Why Can’t We Agree?
Unhelpful thinking patterns – Why can’t we agree?
Perhaps you and your partner have started to make decisions about the future apart now you have decided to separate. Perhaps you’re negotiating or mediating and have become stuck. Maybe it all feels a bit frustrating and you feel like your partner is never going to agree to anything. It’s a very common feeling and one of the reasons people end up in court spending huge amounts of money. But did you know, the way you think about a problem often dictates how and whether you can solve it. Don’t give up just yet – read through the most common ‘unhelpful thinking patterns’ in our blog and see if you can re-think yourselves into making agreements….
Sometimes it’s our thinking that stops us reaching agreements with our partner rather than the problem being too complicated to solve. Our brains like to take shortcuts and this can lead to patterns of thinking becoming fixed. When we are under excessive stress, for example during a separation or divorce, these shortcuts become more exaggerated. See which one of these shortcuts is stopping you making agreements:
- All-or-nothing thinking. Seeing things in black and white. If a situation falls short of perfect, you see it as a total failure. Don’t reject an idea or proposal on the basis of a single element or on the basis that nothing your partner suggests can be worthy or fair.
- Overgeneralization. Seeing a single negative event, such as the rejection of a financial proposal as a never-ending pattern of defeat by using words such as ‘always’ or “never” when we think about it. “Whatever I propose he will never agree with me”. It’s rarely true so catch yourself overgeneralizing and re-evaluate.
- Negative focus (Glass half empty). Picking out a single negative detail and dwelling on it exclusively. For example, you start to make progress in a mediation session agreeing to sell the family home but you spend all night on the internet comparing your current large family home to the smaller properties you will each now be able to afford. An extreme version of this kind of thinking is catastrophizing.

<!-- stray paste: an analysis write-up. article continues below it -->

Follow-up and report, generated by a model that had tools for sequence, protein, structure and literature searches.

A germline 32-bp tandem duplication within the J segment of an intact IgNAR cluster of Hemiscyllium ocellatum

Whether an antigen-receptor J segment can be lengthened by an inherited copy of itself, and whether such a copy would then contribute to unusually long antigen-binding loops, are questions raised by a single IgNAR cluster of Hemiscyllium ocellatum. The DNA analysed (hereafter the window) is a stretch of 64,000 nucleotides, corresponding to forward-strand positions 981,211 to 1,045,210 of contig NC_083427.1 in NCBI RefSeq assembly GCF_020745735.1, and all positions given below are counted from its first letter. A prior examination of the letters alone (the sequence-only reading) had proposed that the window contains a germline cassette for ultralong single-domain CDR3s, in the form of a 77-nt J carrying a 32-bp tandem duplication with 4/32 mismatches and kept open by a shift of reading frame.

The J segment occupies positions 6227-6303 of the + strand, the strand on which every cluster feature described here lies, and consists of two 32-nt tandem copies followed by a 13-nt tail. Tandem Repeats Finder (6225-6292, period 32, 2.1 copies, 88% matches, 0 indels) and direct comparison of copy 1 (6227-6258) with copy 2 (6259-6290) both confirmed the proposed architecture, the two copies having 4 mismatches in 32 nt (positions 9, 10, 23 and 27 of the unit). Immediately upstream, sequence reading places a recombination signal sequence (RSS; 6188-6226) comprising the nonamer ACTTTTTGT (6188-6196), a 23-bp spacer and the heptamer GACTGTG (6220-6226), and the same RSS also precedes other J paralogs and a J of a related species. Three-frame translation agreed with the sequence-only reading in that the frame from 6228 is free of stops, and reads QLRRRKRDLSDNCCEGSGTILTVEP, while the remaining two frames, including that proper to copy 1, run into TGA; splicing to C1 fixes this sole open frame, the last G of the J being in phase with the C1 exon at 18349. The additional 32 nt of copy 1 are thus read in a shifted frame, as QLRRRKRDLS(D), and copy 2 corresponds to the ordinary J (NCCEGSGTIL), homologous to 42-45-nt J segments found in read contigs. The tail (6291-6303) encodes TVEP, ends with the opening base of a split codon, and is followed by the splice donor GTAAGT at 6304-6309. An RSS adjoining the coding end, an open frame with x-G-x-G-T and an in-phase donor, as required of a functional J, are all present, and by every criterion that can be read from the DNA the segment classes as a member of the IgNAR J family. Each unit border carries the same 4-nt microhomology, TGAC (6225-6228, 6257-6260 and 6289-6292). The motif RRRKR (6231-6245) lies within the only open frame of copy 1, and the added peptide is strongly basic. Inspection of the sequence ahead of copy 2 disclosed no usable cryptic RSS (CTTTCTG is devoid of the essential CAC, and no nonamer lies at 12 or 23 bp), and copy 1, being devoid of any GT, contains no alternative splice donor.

- Jumping to conclusions. Jumping to conclusions is seductive because the conclusions we draw feel “right”. This is because we are engaging with the phenomena known as confirmation bias – seeking evidence to support an intuitive feeling or existing belief. Stopping to look for an alternative interpretation can halt this thinking in its tracks.
- Emotional reasoning. Believing that feelings are truths about the world. It can be easy to assume that our negative emotions reflect the way things really are: ‘I feel guilty. I must be a bad person.’ Or ‘I feel angry. This proves I’m being treated unfairly.’ Understanding that feelings are a filter or way of interpreting the world that you can control and change gives a healthy sense of emotional control.
- Living by fixed rules. Telling ourselves that things ‘should’ be the way we hoped or expected them to be, we tend to have fixed rules and unrealistic expectations. Sometimes this can lead us to assume everyone has the same frame of reference. ‘Musts,’ ‘oughts’ and ‘have-tos’ are similar offenders. ‘Should statements,’ directed against yourself, lead to guilt and frustration. ‘Should statements’ directed against other people or the world in general lead to anger, frustration or rebellion.
- Personalisation and blame. Holding yourself responsible for an event that isn’t under your control. Personalisation leads to guilt, shame, and feelings of inadequacy. Some people do the opposite. They blame other people or their circumstances for their problems, and they overlook ways that they might be contributing to the problem: Blame usually doesn’t work because other people just throw the blame right back. It’s like the game of hot potato – no one wants to get stuck with it.
If you recognise that one or more of these ways of thinking is preventing you making agreements with your partner and don’t know what do, then please contact us.
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Thanks helpful guide